Seattle’s Big Brothers

soundgarden3To celebrate the fact that so many great albums were released in 1994, Giddy Up America is looking back at some of the best and some of my favorites. You can follow along on Spotify with Giddy Up America’s Albums of 1994 playlist.

Giddy Up America’s Albums of 1994, Part Four: Soundgarden, Superunknown

Let’s say that Pharrell is a cool convertible. And let’s say Kanye is some weird sports car that looks like a car, albeit an undriveable one. Let’s say the Black Keys are the A Team van, Pearl Jam are a dusty SUV and Jack White is a vintage dragger.

Soundgarden is an effin’ monster truck with wheels the size of rhinos and an engine that sounds like a tsunami barreling down Main Street. Superunknown, the band’s fourth and most successful album, was the gun rack, intimidating grill and set of KC lights thrown onto that truck all rolled into one. It’s a mega brute force of an album by a colossal juggernaut of a band, a band that having spent over ten years kicking around the better parts of the Pacific Northwest, had become a finely tuned weapon of mass destruction. Louder than Nirvana, slightly more approachable than Alice in Chains and more vicious than Pearl Jam, Soundgarden was the anomaly of Seattle bands. They weren’t really grunge and they weren’t really alternative. Although they also weren’t metal or prog rock.

They were just Soundgarden- nothing more, nothing less, but everything loud.

1991’s Badmotorfinger, with songs like “Rusty Cage” and “Outshined,” helped introduce those of us outside of the northwestern nugget of the country to the band. It seems like I saw a video for one of those two songs on MTV, but I also kind of feel like I heard about them some other way. Not sure what that other way would have been though. In 1992-1993 I was bouncing back and forth between forays into classic rock, discovering Led Zeppelin, the Doors and the Beatles, and hiding Dr. Dre’s The Chronic from my parents before becoming consumed with Nirvana, both Nevermind and then Insesctide, which might have only existed to help you prove to people you were into Nirvana for more than just “Smells Like Teen Spirit.” You know, because that was lame.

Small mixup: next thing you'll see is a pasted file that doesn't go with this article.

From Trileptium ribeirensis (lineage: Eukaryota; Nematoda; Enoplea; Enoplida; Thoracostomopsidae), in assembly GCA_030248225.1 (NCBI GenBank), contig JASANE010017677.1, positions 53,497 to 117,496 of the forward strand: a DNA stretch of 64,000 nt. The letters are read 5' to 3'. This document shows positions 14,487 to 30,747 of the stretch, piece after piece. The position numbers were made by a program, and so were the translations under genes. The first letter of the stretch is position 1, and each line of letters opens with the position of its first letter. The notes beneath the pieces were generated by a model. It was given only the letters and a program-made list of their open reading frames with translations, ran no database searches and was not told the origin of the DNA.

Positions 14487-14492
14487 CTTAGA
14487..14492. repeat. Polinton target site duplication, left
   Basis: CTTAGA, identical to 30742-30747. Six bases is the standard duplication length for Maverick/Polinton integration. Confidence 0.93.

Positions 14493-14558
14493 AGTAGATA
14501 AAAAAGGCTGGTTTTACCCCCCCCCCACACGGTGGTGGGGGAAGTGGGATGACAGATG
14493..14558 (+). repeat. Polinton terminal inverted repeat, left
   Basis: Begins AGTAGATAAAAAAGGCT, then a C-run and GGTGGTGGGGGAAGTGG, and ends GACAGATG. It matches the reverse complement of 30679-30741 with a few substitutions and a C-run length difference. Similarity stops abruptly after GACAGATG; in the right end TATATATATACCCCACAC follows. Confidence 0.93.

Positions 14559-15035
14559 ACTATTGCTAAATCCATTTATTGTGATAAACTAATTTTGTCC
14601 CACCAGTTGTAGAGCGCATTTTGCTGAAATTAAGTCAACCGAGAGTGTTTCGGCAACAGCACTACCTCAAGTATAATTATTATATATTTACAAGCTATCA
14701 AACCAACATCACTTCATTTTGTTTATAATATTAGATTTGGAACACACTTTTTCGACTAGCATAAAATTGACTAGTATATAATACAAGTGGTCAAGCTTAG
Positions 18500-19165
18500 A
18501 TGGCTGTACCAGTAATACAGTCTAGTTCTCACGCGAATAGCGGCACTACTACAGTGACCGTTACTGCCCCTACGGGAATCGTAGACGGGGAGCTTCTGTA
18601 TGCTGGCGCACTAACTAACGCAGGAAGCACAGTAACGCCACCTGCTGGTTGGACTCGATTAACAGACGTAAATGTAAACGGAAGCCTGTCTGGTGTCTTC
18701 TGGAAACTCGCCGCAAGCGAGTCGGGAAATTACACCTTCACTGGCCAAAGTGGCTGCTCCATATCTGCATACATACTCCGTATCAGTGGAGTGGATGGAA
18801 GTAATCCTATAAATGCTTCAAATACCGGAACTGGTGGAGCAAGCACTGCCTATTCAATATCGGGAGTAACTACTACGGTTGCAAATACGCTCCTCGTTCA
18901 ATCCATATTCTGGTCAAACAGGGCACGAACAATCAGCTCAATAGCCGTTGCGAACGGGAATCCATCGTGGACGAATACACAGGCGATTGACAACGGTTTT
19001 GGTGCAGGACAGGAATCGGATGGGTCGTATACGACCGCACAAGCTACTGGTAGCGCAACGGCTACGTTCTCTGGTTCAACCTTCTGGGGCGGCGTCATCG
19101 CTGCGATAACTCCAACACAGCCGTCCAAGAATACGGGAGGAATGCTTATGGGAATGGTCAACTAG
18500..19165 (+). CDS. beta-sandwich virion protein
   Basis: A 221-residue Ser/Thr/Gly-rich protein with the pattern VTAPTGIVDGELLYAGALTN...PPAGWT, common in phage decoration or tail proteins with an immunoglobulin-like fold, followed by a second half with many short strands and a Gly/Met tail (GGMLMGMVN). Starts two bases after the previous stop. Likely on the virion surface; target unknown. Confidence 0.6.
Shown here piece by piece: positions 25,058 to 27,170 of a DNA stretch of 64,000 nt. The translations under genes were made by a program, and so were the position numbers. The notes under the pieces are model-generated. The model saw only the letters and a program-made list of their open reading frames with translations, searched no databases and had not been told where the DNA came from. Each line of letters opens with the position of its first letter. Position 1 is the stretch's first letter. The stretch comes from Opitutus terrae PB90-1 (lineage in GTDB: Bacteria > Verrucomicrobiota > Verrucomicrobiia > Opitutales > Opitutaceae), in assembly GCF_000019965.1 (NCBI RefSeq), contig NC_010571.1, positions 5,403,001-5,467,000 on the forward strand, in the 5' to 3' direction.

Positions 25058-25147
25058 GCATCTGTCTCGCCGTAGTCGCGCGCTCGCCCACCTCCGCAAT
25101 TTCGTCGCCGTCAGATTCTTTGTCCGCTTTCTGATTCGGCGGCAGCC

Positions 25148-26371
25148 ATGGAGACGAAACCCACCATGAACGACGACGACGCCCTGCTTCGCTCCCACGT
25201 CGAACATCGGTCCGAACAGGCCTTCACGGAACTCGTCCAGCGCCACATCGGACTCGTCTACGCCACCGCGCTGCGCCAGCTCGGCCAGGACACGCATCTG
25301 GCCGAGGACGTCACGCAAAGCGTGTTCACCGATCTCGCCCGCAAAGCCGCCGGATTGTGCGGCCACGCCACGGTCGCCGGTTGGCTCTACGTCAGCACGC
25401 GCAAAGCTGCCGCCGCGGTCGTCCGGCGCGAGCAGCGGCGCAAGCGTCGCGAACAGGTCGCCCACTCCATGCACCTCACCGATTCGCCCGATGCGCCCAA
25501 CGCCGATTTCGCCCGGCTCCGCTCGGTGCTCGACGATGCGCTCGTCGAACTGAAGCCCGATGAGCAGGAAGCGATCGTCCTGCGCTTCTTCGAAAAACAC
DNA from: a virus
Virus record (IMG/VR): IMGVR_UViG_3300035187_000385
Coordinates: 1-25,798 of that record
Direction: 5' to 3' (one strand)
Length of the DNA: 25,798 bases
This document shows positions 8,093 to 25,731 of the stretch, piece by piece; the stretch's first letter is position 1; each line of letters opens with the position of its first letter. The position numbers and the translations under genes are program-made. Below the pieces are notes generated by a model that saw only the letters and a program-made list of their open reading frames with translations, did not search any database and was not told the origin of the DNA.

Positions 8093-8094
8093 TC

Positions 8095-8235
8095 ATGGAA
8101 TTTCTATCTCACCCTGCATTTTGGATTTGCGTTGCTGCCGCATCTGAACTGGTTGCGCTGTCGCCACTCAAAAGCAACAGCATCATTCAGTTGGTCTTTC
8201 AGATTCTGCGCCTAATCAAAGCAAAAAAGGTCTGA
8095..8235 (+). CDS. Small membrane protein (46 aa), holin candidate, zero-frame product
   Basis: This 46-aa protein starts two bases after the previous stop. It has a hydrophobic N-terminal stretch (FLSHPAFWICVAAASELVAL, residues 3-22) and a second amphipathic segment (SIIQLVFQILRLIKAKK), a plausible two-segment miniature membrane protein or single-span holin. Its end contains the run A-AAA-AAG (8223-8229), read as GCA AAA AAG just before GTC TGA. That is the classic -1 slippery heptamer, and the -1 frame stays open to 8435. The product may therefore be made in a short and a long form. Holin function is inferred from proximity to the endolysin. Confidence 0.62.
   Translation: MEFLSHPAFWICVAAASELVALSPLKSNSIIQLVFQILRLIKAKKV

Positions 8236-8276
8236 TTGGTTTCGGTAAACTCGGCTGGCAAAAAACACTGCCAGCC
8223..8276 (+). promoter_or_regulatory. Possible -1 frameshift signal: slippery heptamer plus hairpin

By 1994 it was all about grunge rock. LL Bean flannel shirts probably weren’t the kind of flannel shirts you were supposed to wear, but in Maine, they were the flannel shirts you were goddamn gonna wear- regardless of musical fashion. It may or may not have been a law. It probably was.

If you weren’t aware of Soundgarden by the start of 1994, you definitely were by the end of 1994. And it all started with their song “Spoonman.”


It’s like I want to go back in time and firmly tell myself, the younger version of myself, to cut it out- you can’t play the spoons.

They released one more track from the album, “The Day I Tried to Live” before things exploded. “Black Hole Sun,” which really is a dark song and was accompanied by a borderline eff’d up video, made Soundgarden a household name.